By the way, three Ivory-billed related talks are listed for next month's AOU meeting in Wyoming, as follows:

1) "Further evidence suggesting that Ivory-billed Woodpeckers exist in Florida" GEOFFREY
E. HILL, Dept. Biol. Sci., Auburn Univ., Auburn, AL, DANIEL J. MENNILL, Dept. Biol.,
Auburn Univ., KYLE A. SWISTON, KARAN ODOM, Univ. Windsor, and TYLER L.
HICKS, Western State Coll., Gunnison, CO.

2) "A comparison of large woodpecker cavity morphology in the Choctawhatchee River
bottomlands and other southern forests" BRIAN W ROLEK, RUSSELL LIGON,
GEOFFREY HILL, Dept. Biol., Auburn Univ., Auburn, AL, and DANIEL J. MENNILL,
Dept. Biol. Univ. Windsor, Windsor, ON.

3) "Design and implementation of a region-wide search for the Ivory-billed Woodpecker with
the objective of estimating occupancy and related parameters" ROBERT J. COOPER,
PETERSON, USGS Georgia Coop. Fish & Wildl. Res. Unit and Univ. Georgia, CLINTON
T. MOORE, Patuxent Wildl. Res. Center, Univ. Georgia, and BRADY J. MATTSSON,
Univ. Georgia.

Meanwhile, Mike Collins has announced his return to Virginia after a long season in the Pearl (La.), with no IBWO photos to show for it, but testing out a new tree climbing/stationing technique for observing the forest from above; to be continued later in year.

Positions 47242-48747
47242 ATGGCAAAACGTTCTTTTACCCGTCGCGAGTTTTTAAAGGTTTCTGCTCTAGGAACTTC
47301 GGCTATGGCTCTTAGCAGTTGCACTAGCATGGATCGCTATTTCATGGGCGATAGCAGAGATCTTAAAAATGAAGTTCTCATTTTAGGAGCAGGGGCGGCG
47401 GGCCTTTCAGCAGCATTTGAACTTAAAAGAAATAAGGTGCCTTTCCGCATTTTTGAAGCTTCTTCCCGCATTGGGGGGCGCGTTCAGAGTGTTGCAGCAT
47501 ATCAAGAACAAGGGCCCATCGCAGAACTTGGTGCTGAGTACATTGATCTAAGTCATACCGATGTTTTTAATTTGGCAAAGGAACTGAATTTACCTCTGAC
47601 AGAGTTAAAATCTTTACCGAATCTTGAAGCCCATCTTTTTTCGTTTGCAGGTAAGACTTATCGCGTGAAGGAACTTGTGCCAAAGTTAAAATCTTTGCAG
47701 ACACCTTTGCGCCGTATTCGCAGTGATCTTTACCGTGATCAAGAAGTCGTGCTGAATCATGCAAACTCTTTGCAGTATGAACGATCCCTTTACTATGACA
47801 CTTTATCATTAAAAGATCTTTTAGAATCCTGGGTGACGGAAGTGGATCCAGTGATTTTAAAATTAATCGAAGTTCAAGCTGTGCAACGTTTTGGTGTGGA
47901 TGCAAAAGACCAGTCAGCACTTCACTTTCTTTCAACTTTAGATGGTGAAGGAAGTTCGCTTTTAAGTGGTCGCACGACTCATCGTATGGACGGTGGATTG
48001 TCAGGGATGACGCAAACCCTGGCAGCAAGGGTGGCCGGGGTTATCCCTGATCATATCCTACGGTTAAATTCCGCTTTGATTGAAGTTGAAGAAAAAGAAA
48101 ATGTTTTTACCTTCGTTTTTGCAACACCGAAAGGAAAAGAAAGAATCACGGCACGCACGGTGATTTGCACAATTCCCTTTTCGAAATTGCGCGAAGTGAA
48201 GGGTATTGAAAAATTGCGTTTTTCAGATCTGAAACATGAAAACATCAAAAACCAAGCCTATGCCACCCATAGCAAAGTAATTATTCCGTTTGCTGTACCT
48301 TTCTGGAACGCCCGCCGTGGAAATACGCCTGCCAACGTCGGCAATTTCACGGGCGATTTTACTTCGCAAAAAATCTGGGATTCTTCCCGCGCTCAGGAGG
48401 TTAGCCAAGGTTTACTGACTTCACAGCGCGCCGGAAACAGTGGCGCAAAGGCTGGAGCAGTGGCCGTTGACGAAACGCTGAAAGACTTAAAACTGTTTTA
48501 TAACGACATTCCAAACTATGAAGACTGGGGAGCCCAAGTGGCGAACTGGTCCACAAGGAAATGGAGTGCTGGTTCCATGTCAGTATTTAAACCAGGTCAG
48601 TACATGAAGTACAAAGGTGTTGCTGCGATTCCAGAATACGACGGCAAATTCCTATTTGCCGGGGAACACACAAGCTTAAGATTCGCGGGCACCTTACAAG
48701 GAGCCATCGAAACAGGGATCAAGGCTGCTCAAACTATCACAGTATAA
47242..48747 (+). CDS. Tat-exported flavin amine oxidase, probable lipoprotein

Elsewhere from the Web:

If you're not already familiar with it learn more about the "Swift Night Out" program for studying the migration of fascinating Chimney Swifts to and from the U.S. each year:


Better yet, find a chimney in your area that is used by swifts and take part in the annual survey by monitoring it on one of the assigned evenings.

Friday, July 20, 2007


-- Mobile Team Note --


Another brief summary of efforts of Cornell's Mobile IBWO Search Team here:


Martjan Lammertink remains "cautiously optimistic" but won't be part of the field team next season, opting instead to spend his time re-assessing all the data collected so far. There will be a team however, and it will resume exploring in December; no hint here where, besides the Congaree, efforts will be concentrated (it likely hasn't even been determined yet). In spite of cynics' efforts to derail it, the scientific process marches forward.

Wednesday, July 18, 2007


-- Long Hot Summer --

Nothing too newsy Ivorybill-wise, so to hold you over, this report on another secretive forest bird with an ivory beak :


...and here's a dash of info on the Green Swamp area of North Carolina, where some independent searchers are looking for IBWOs (and near where Alexander Wilson had his famous Ivory-billed encounter 200 years ago).

Sunday, July 15, 2007


-- You Too Can Be a Skeptic! --